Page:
Seraphs by Faith Hunter

seraphs.jpgSeraphs starts off not long after the events in Bloodring unfold, leaving Thorn St. Croix exposed as a mage hiding for the last ten years in the typical post-apocalyptic town of Mineral City, where mages are hated as much as they are feared.

For the most part, Seraphs was even more enjoyable than the first. The pace is fast, expecting readers to have the first book fresh in their mind, and not slowing down much to let you catch up. Almost immediately, Thorn is brought before the town elders to face a series of charges which could leave her branded, imprisoned, killed or worse. After reading the first book, I was still left wondering why everyone hated mages so much. After all, there are far scarier and more powerful creatures out there- what’s so wrong with the mages? Luckily, in Seraphs, mage history is explained in more detail, from the mage and non-mage point of view.

Thorn and the people of Mineral City are faced with the constant threat from creatures of Darkness: Succubae, Inccubi, dragonets, fallen seraphs, demon spawn, daywalkers, and more. What I find so interesting about the world Ms. Hunter has created is the full cast of vastly different characters. From the hateful, Orthodox mage hater to the four headed cherub and her Wheels (which I couldn’t really even begin to describe), there are many many different characters in this book and each is richly drawn, unique and often, strangely fascinating.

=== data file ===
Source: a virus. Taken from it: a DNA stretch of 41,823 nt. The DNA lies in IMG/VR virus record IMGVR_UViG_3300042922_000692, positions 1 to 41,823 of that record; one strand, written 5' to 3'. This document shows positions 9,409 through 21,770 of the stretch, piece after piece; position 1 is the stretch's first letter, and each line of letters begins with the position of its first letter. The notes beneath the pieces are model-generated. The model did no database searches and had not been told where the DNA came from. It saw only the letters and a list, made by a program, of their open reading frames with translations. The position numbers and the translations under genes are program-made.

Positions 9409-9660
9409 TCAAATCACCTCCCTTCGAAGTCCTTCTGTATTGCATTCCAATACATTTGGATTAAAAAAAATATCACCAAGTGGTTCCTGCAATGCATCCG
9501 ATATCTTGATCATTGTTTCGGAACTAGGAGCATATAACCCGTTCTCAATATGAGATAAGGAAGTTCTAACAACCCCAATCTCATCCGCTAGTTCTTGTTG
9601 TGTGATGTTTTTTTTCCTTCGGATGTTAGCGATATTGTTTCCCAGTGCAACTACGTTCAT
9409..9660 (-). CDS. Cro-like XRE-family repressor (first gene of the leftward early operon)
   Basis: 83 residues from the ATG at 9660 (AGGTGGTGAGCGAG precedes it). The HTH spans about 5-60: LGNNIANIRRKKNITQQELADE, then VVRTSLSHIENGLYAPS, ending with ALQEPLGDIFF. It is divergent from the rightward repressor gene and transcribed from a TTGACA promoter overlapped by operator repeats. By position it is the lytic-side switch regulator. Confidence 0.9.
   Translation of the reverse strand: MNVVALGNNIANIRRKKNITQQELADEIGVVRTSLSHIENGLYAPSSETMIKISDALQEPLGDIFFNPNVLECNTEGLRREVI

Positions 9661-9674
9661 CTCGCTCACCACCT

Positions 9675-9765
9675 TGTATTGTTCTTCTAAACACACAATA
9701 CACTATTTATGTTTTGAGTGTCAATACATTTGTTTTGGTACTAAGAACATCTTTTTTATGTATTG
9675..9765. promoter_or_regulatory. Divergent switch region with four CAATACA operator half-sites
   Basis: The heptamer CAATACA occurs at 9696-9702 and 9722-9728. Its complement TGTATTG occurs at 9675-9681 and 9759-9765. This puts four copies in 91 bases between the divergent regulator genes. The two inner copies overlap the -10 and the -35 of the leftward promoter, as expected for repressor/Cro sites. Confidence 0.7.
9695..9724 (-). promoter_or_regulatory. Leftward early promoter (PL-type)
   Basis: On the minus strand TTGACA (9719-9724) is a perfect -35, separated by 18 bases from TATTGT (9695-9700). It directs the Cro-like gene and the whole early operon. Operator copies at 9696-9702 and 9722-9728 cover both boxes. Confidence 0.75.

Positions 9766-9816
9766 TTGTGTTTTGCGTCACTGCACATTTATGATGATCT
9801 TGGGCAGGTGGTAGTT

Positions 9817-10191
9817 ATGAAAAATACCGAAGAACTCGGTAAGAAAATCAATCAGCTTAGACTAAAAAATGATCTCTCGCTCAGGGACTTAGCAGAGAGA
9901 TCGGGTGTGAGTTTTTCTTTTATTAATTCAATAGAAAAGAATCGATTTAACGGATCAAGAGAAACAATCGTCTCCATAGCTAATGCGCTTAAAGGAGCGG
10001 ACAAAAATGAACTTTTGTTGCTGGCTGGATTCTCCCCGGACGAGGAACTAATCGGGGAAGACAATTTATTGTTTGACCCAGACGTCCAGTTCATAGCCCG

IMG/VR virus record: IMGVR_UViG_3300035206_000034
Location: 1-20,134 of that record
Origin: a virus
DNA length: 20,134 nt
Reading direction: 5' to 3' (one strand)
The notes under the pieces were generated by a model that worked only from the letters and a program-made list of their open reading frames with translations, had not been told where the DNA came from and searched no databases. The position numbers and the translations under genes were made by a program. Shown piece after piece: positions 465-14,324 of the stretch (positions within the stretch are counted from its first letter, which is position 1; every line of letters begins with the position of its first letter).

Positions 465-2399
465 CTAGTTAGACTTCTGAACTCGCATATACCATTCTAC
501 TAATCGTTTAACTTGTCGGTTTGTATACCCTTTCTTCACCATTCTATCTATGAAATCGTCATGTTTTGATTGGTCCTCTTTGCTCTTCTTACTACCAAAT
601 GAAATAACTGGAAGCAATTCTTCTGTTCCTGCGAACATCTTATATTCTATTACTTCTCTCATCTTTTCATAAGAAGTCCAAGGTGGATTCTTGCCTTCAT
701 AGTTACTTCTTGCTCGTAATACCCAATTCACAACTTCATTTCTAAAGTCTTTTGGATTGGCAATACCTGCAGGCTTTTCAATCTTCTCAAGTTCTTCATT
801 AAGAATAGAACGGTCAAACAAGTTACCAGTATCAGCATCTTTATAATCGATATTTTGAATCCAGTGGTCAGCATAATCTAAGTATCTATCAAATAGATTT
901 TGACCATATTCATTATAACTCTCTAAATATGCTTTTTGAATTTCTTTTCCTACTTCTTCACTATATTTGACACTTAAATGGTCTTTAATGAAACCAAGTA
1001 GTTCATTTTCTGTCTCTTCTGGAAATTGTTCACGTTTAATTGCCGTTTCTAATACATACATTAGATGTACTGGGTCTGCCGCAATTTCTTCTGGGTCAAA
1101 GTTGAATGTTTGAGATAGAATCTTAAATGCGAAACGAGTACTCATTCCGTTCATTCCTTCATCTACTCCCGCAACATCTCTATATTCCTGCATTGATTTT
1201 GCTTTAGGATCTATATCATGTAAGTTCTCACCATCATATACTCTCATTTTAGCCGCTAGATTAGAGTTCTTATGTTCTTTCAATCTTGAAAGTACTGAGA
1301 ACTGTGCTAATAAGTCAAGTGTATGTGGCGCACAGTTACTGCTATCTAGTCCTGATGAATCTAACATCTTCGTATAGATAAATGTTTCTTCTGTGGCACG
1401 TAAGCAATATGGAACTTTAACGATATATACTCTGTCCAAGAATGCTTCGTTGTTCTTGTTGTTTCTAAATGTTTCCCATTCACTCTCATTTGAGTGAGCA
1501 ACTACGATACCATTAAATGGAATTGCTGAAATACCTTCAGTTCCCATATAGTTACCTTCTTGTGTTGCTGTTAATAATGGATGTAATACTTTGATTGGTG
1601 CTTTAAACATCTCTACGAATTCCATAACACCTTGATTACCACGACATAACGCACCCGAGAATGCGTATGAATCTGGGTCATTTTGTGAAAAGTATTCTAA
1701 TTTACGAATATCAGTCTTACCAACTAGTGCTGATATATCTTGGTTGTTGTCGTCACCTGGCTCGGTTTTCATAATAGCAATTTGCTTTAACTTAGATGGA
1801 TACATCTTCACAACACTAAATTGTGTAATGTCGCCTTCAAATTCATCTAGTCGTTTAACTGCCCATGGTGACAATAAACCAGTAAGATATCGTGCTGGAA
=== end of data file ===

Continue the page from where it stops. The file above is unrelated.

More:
The Seraphs are, unsurprisingly, one of the best aspects of this book. As a reader, we get a sense of the same sort of curiosity and awe that the average person in this book feels for the mysterious Seraphs. Like Bloodring, the Seraphs are occasionally mentioned, but don’t really make much of an appearance until the end. Thorn’s favorite(and mine), Raziel, makes his entrance at the very end, and it’s pretty exciting. But his part in the book was also a little disappointing too- it was too short.

Seraphs was non-stop action, and a very quick read. The only real problem I had was the ending. The entire book was building toward Thorn’s return to the mountains, but by the time she decided to go back, there was only sixty pages left. And by the time she actually made it into the mountains, there was approximately only forty pages remaining. There was so much action, and so many battles, and deaths and near deaths, and revelations in these last few pages, and it could easily have used twice the page time. As I kept getting closer to the end, I constantly worried that Ms. Hunter was going to cut off the book in the middle of the fight, leaving us with a cliffhanger.

The rushed ending also made it a little difficult to keep up with the action. Several times, I had to go back and re-read a passage because I was having a difficult time imagining the characters or visualizing what was happening. But even the rushed ending and occasional difficulty picturing something couldn’t stop me from breathlessly turning each page and losing sleep to stay up late to find out how Thorn was going to survive the end of the book. Seraphs is intriguing, entertaining and an exciting follow up to to Bloodring, and I definitely recommend it.


~ by loonigrrl on May 11, 2007.

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